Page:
"The woman cooks the turkey."
Translation:La donna cucina il tacchino.
As you know, some words have more than one meaning. Usually, the first word listed is the correct answer for the sentence you're working on. Besides being a bird that we eat, a "turkey" is also film that is so bad it doesn't even get one star. I have a book that rates films with stars; five stars being the highest rating. Instead of giving a film one star, though, they give a lousy movie a turkey.
"o" - masculine, singular;
"i" - masculine, plural;
"a" - feminine, singular;
"e" - feminine, plural
I use the above for most nouns and pay attention to those irregular ones, i.e. il studente. And then there are those with "lo".
I find it useful to keep a Google Keep note with a list of such words.
I think it just depends on the context of the sentence. cucina is a feminine cook, and yes also kitchen. so if someone says "Cucina la tacchino" you'll know that it means "she cooks the turkey"; not "kitchen the turkey". Think of it as "bear with me" and "I have a bear" ...same spelling , different meanings; homophones! Hope this helps!!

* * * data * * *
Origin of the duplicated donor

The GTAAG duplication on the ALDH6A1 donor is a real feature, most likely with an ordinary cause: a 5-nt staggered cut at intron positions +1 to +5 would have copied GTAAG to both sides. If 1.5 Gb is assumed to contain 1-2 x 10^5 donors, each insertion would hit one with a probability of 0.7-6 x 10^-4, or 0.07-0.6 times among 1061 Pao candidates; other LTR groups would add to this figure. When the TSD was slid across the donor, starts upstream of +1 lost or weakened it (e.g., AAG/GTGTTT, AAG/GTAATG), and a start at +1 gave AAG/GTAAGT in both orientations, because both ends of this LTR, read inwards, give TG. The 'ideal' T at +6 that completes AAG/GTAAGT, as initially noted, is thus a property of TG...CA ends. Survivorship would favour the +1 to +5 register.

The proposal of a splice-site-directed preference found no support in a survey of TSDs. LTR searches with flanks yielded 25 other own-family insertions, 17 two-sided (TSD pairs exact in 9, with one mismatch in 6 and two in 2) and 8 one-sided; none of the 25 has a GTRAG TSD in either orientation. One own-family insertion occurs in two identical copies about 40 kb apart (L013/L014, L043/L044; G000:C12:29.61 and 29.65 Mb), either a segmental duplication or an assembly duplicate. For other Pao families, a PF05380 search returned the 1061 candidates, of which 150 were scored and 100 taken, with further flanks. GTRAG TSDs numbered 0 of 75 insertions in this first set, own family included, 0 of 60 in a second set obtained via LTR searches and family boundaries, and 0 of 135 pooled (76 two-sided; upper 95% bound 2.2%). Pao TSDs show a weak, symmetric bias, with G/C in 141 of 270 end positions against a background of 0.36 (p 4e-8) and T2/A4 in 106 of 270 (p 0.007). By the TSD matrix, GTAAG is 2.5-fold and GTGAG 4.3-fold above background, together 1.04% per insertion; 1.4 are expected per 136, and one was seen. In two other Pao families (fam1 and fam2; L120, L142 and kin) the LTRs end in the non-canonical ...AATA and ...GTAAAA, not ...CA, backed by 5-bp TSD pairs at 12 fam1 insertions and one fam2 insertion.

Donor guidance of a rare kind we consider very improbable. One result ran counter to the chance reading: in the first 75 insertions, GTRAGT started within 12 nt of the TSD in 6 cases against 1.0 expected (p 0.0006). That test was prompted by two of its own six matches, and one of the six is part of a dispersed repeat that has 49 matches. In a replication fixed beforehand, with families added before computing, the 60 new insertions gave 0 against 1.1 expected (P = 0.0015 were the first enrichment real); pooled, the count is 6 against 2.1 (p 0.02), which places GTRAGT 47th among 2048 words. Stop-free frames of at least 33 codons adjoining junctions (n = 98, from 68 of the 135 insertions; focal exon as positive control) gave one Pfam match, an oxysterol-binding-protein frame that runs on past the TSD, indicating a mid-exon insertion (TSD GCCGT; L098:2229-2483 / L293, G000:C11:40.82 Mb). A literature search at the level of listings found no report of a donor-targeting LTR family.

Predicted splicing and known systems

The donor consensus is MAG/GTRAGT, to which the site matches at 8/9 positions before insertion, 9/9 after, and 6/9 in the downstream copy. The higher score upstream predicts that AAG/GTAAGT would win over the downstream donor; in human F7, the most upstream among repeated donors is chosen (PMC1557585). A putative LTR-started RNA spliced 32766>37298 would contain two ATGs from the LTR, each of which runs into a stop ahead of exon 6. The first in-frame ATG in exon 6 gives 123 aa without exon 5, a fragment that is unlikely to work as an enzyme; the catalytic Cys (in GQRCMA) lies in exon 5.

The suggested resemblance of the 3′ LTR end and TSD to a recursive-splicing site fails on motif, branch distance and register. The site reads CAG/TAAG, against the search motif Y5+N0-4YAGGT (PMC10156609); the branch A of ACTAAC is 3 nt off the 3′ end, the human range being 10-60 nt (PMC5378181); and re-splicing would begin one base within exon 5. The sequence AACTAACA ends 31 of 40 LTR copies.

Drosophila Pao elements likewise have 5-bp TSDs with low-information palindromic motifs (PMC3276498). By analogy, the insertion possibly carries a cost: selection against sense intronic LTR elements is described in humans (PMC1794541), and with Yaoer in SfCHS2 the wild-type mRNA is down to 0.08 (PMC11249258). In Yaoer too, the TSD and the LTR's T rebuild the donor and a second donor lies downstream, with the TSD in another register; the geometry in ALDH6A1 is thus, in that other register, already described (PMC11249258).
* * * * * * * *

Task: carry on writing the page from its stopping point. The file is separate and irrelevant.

From what I understand cuochi and cuoche are the masculine and feminine plural nouns of cuoco, meaning a person who is a cook. The only appropriate translation would be to use the verb cucinare, which conjugates in this sentence to cucina. Perhaps I'm wrong here, but this makes sense to me.
Good question. I had to look it up, but most sources seem to agree that cucinare means the whole process of cooking, while cuocere only refers to the heating of the food.
So, e.g. "To cook (cucinare) the Turkey, first clean it and stuff it, and then place it in the oven and allow it to cook (cuocere) for 4 hours."
This is all just based on what I've seen on the web, though, so take it with a grain of salt!